Black Poesis: Linton Kwesi Johnson (UK) on poetry and reggae
Linton Kwesi Johnson is a leading figure in British, Caribbean and World literature--and a legendary reggae artist. How do these two combine in his writing? This event will give Norwegian audiences a special opportunity to hear Linton Kwesi Johnson read his poetry and discuss his unique perspective on the relationship between music and poetry. Organized by Louisa Olufsen Layne, Literature, Rights, and Imagined Communities. Funded by Fritt Ord and Anders Jahre Foundation.
This is the first event in the new Black Poesis series organized by Louisa Olufsen Layne in the Literature, Rights and Imagined Communities research group at ILOS-Dept. of Literature, Area Studies and European Languages, University of Oslo. The live conversation will be hosted by Postdoctoral Research Fellow Louisa Olufsen Layne and Associate Professor Bruce Barnhart. Funded by: Fritt Ord and Anders Jahre Stiftelsen.
Photo: Danny Da Costa
Johnson is one of only two contemporary poets included in the Penguin Modern Classics series. He writes poetry based on spoken Jamaican English, with strong influences from reggae music. He has invented the term “bass culture” to describe how reggae, and especially its distinct bass sound, represents an aesthetics that combines musical, historical, political and poetic elements.
Johnson has been awarded the Golden Pen Award, the Musgrave Medal for distinguished eminence in the field of poetry, the Order of Distinction from Jamaica, and numerous other awards. He has recorded over 15 albums and sold more than 2 million records.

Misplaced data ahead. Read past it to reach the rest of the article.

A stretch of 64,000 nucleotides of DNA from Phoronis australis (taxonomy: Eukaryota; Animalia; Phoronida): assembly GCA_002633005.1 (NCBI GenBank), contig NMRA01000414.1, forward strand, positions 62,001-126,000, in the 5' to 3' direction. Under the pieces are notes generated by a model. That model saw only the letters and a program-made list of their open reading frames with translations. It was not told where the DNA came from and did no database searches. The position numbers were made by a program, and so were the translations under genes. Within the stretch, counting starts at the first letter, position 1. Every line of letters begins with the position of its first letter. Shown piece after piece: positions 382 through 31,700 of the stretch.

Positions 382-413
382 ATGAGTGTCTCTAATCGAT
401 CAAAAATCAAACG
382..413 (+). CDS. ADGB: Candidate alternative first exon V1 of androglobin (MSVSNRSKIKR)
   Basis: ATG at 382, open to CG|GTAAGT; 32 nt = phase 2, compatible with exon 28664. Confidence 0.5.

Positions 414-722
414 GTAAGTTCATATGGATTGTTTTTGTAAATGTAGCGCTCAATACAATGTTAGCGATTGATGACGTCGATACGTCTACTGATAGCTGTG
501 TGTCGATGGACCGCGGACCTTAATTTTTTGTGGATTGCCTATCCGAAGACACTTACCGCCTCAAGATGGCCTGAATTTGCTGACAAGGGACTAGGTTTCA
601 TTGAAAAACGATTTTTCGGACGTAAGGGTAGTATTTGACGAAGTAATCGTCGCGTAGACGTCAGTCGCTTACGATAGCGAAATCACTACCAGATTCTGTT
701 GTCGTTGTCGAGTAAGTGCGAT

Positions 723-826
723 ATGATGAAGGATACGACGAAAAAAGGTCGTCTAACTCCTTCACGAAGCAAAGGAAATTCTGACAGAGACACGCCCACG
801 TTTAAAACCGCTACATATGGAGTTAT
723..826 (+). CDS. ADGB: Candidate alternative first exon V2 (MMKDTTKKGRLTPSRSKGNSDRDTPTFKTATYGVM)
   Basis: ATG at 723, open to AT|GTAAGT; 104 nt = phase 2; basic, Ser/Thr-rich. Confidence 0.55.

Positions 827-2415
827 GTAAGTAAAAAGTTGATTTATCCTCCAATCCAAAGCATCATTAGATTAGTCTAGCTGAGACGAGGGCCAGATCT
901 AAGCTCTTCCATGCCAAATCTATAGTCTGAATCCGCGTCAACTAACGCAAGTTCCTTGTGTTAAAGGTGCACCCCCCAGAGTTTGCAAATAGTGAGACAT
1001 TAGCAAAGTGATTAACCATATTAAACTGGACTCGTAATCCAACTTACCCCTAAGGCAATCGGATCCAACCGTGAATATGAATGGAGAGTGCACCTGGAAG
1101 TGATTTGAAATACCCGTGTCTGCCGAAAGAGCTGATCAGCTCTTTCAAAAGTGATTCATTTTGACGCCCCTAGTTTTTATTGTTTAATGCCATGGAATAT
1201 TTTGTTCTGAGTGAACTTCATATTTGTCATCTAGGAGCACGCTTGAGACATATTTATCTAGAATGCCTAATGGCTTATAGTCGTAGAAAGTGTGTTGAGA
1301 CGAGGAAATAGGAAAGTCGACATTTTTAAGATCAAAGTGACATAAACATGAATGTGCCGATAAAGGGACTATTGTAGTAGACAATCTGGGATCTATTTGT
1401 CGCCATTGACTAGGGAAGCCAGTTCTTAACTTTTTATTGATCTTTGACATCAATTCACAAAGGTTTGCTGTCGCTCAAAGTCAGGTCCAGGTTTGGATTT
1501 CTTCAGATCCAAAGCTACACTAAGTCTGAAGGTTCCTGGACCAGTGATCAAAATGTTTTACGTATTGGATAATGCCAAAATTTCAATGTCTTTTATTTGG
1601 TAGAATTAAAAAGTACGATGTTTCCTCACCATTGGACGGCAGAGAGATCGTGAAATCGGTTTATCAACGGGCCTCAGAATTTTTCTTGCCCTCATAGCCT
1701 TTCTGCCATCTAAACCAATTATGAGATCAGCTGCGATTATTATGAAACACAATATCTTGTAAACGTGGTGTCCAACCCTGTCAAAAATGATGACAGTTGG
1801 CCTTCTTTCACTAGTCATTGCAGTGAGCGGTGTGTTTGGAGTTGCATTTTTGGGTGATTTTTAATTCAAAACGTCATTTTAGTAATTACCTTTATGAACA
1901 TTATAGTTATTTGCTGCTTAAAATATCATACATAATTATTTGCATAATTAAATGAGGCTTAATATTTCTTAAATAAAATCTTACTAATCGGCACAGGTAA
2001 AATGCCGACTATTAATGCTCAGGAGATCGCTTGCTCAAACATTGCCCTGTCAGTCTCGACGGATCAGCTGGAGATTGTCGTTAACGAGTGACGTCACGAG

Johnson was born in 1952 in Chapelton, Jamaica and moved to London at the age of 11. Johnson joined the Black Panthers’ youth section in 1970, and helped the movement organize poetry workshops with a group of musicians and poets called Rasta Love. He also studied for a sociology degree at Goldsmiths College, University of London, where he became an Honorary fellow in 2004. In 1974, Johnson joined the collective Race Today, a political magazine established in 1969 by the Institute of Race Relations. The magazine was one of the most influential organs addressing black politics in Britain in the 1970s, and Johnson later became its arts editor.
His first volume of poems, Voices of the Living and the Dead, came out with the Race Today imprint in 1974. Johnson’s second volume, Dread Beat and Blood, came out in 1975, and was released as a record in 1978. The volume was published by Bogle-L’Ouverture, a small press focused on Caribbean and Black British writers. In 1977, Johnson became the writer-in-residence for the London borough of Lambeth and was awarded the C. Day Lewis Fellowship. His third volume of poetry, Inglan is a Bitch, was published in 1980 and became his commercial break-through. Tings an’ Times: Selected Poems was released by Bloodaxe in 1991, both as a book and as a record, and Johnson has remained active in performing his work all over the world, both as a poet and as a reggae artist.
In 2002, a selection of Johnson’s poetry called Mi Revalueshanary Fren (later renamed Selected Poems) was published in the Penguin Modern Classics series.
Johnson’s reggae albums include Dread Beat an’ Blood (1978), Forces of Victory (1979), Bass Culture (1980), LKJ in Dub (1980), Making History (1984), Tings an’ Times (1991), More Time (1999), and Live in Paris (2004).